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The Burden of Air Pollution on the Heart

​Published October 22, 2018

A medical professional uses a tabletAir pollution can take a significant toll on the cardiovascular system. Several decades of research have shown that both long and short-term exposure to air pollution can lead to accumulation of calcium in the coronary artery, changes in the heart and blood vessels, and cardiovascular events and even death from heart disease.

In an article published in the North Carolina Medical Journal titled Ambient Air Quality and Cardiovascular Health: Translation of Environmental Research for Public Health and Clinical Care,Exit EPA researchers Dr. Wayne Cascio and Dr. Tom Long say that air pollution’s cardiovascular effects pose an even larger public health burden than its respiratory effects. Yet, the authors note that—as shown in a study by the Centers for Disease Prevention and Control—only three percent of patients with heart disease discuss guidance to reduce exposure with a healthcare professional. 

“Through hard work and partnership with local, state, and federal agencies, North Carolina has reduced emissions and improved the quality of its air,” writes Cascio, a cardiologist who is the Director of EPA’s National Health and Environmental Effects Research Laboratory. “Yet, for those individuals who are particularly sensitive to the adverse health effects of air pollution, namely older adults, those with chronic heart and lung disease, and children, additional actions to avoid exposure are prudent when air quality is poor.”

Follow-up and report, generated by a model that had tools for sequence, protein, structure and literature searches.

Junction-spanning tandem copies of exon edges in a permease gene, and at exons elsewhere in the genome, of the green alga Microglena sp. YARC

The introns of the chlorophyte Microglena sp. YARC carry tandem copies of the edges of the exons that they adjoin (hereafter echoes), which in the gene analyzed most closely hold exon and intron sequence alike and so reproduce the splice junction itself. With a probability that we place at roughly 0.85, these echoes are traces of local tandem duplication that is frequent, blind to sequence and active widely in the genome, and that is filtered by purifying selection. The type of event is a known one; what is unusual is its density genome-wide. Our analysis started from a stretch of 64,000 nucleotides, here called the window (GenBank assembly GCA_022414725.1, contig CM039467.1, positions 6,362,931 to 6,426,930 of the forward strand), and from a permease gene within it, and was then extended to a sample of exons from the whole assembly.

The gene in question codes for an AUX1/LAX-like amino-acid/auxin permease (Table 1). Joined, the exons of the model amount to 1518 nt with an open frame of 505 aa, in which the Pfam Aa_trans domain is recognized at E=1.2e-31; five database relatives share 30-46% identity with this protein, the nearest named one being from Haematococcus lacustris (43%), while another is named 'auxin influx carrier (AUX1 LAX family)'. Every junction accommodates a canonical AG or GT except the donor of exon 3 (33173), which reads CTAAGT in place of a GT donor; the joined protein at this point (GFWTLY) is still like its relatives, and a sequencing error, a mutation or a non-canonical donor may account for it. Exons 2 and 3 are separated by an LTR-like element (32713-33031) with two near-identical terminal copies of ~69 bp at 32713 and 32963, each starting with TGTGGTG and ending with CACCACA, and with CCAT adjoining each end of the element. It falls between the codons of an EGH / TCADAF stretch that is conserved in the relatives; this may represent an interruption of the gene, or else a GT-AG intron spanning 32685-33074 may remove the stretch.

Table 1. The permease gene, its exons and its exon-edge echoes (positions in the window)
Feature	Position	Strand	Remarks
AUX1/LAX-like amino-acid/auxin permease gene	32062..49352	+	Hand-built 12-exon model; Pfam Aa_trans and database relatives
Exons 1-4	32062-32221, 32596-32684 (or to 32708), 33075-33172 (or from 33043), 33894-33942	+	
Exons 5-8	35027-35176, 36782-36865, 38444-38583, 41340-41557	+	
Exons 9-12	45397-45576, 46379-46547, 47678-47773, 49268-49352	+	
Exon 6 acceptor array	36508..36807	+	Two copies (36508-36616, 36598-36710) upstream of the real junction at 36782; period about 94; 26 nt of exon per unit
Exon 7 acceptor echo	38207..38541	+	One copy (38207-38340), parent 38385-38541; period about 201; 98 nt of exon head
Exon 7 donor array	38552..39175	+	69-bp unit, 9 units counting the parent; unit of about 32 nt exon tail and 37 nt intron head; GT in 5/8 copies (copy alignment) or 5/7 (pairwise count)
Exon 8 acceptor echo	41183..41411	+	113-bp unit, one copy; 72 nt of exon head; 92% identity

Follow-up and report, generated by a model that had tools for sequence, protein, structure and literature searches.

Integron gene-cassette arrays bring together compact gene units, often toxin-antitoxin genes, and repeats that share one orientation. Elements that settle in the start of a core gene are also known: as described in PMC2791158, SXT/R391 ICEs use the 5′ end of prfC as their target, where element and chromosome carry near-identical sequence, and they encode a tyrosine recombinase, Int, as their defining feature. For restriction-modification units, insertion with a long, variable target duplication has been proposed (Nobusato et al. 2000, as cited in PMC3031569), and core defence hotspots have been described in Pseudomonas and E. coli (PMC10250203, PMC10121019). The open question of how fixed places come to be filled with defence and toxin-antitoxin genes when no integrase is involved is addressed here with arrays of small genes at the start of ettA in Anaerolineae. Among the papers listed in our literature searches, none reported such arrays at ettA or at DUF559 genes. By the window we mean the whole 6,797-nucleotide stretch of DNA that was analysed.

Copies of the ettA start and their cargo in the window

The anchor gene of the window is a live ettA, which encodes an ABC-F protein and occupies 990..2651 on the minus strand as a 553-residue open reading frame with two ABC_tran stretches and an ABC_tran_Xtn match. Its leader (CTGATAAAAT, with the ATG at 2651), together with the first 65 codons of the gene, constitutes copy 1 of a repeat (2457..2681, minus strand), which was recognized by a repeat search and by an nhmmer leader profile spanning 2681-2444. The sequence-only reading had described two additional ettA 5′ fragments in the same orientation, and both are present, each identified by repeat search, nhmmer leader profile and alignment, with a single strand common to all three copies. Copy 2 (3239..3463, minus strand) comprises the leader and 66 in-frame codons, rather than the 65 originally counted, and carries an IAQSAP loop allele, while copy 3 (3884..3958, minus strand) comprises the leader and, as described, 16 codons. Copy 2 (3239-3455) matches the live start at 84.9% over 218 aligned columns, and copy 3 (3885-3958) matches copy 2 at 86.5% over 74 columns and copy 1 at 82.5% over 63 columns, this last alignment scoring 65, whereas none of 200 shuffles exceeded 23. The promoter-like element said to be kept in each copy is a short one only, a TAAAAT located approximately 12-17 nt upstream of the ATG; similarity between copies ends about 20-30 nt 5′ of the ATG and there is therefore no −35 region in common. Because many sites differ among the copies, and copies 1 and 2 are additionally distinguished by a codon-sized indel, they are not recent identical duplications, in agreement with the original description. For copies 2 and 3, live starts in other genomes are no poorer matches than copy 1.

In the article, Cascio and Long explain the sources, exposures, and health effects of air pollution. They also discuss the potential for intervention strategies in the healthcare system to help reduce individual and population exposure and the accompanying risk from the cardiovascular effects of air pollution.

Learn more:

EPA's Healthy Heart Toolkit and Research